Historic 1:2500 Ordnance Survey maps show that a pair of garages was erected on the south side of the yard to the rear of the Mansion House between 1931 and 1937. In 1971 a lift shaft was built attached to the rear elevation of the house, and a small, modern extension has also been built abutting the right-hand basement bay.
Mansion House, and railings and gas lamps attached to the front, of 1725-1733, with alterations of 1884.
MATERIALS: the front elevation has a basement and ground floor of painted ashlar stone and upper floors of painted brick in Flemish bond with raised chamfered quoins and dressings of painted ashlar stone. The walls of the through-carriageway are of ashlar stone, the right return has one bay as the front and is otherwise rendered. The rear wall is of pink and cream mottled brick in stretcher bond, with orange-red gauged brick window lintels. The double-span roof of slate, with brick stacks, the right ones being rendered. Railings are of wrought-iron on a stone plinth, and the lamp standards are cast iron.
PLAN: the Mansion House is an approximately square building of three storeys and an attic over a basement, incorporating a through-carriageway in the northern bay of the ground floor giving access through to the yard, Guildhall and Chamber Range, Atkinson Block, former cells and meeting room, and Common Hall Lane and the Municipal Offices and Council Chamber, and the Guildhall Annex.
EXTERIOR: the east front elevation faces onto Coney Street. It is of three storeys and five bays over a basement with an area to the left of the through-carriageway. The basement is of painted ashlar stone with four rectangular windows with timber window frames. The ground floor is rusticated and arcaded with openings stepped back beneath keyed round arches of radiating voussoirs with a moulded impost band. The central arch contains the main entrance with double doors of raised and fielded panelling beneath a radial-glazed fanlight reached by a flight of six stone steps over the area. The right-hand arch of the arcade contains the through-carriageway; it has timber, panelled double gates with concave-shaped tops. The windows in the first, second, and fourth bays are round-headed with radial glazing-over-eight pane sashes. The quoined upper floors form a pedimented temple front articulated by giant Ionic pilasters. The first-floor windows are six-over-six pane sashes in eared, moulded architraves with aprons beneath the sills and alternatively triangular and segmental pediments. The second-floor windows are squat three-over-three pane sashes in moulded architraves. The entablature has a plain frieze and dentilled cornice with a triangular pediment over the three central bays and a plain parapet of painted ashlar stone. The pediment tympanum contains a cartouche moulded with the arms of the City of York, between palm fronds.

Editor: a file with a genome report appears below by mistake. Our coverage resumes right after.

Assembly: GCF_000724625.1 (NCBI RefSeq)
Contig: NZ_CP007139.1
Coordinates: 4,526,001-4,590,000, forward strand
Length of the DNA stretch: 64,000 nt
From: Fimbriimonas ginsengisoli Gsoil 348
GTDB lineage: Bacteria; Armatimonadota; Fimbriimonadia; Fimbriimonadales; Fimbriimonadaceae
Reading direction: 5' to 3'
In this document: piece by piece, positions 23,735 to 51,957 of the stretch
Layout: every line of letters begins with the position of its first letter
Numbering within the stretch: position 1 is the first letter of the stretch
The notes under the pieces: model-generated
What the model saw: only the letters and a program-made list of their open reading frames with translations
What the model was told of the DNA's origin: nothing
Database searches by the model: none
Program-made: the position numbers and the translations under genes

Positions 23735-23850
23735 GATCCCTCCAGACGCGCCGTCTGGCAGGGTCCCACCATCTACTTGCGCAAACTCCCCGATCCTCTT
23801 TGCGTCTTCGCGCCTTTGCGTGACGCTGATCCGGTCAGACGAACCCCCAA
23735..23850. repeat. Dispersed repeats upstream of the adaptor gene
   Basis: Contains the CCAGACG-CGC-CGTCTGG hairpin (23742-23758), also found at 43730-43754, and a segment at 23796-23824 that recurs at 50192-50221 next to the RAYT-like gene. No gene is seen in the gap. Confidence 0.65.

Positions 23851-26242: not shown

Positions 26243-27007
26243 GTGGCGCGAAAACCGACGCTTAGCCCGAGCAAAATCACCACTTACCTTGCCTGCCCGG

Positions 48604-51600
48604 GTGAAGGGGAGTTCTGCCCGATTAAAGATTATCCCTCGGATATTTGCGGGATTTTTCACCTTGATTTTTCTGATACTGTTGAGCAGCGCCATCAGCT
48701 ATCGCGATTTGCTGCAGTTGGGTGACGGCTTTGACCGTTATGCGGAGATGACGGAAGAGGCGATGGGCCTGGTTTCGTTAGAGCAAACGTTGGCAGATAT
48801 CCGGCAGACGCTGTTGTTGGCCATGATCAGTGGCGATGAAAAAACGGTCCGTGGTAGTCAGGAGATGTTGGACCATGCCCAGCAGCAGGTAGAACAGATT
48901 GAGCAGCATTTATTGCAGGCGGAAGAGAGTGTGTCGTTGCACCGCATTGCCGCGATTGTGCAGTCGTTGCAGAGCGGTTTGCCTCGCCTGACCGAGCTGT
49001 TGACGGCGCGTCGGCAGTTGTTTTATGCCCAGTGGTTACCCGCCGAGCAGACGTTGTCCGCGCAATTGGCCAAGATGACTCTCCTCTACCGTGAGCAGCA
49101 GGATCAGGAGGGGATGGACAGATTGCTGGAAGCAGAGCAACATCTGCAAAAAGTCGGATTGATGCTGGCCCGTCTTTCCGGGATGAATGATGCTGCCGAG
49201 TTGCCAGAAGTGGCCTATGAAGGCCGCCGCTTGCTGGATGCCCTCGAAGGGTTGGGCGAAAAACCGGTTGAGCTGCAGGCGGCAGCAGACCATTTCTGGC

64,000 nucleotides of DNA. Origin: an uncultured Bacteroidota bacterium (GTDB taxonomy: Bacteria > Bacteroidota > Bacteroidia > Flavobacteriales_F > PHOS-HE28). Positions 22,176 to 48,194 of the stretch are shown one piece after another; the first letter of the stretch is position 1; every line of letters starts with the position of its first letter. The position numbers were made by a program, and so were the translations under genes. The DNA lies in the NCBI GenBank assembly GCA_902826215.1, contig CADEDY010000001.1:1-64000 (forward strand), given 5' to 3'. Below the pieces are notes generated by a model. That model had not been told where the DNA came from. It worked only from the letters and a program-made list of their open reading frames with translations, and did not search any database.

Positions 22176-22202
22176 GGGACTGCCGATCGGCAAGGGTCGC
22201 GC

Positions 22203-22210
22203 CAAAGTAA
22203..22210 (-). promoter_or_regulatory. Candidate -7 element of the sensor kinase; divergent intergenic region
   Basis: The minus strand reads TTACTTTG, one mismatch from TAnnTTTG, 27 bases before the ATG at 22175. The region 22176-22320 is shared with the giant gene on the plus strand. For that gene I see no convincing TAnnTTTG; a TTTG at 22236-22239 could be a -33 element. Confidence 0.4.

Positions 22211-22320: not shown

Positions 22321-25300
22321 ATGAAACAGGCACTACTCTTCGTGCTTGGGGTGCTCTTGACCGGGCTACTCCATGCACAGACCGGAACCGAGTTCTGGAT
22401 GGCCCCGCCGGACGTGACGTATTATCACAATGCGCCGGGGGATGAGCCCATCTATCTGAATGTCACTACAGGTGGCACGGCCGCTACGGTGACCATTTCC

The right return elevation continues the detailing of the front elevation for one bay with rustication on the ground floor and quoining to both sides of the upper floors, with blind window openings. The rest of the wall is rendered with a flat parapet masking the roof valley, and stair windows to the secondary staircase and several small windows at attic level.
The through carriageway has a plastered, vaulted ceiling and ashlar walls. The south, inner wall has an eight-over-eight pane sash window over a segmental-arched basement window, with a small casement window to the left and a doorway with a rectangular overlight to the right, the windows all barred. The north, outer wall has a blocked, round-headed window with an ashlar architrave with giant keystone and impost blocks, with radial bars.
The rear elevation is of four storeys including the basement due to the fall of the ground to the west, and five bays with raised brick bands to each floor with a stone-coped parapet, and gauged brick lintels and projecting stone sills to the windows. The left-hand bay contains the tall, round-headed archway of the through-carriageway with ashlar voussoirs, a giant, double keystone, and impost blocks. The raised ground floor and the first floor have six-over-six pane sash windows. There is a tall, round-headed stair window to the centre with a radial glazing-over-twelve pane sash. The second-floor windows are square with two-light timber casements, and the basement windows are eight-over-eight pane sashes.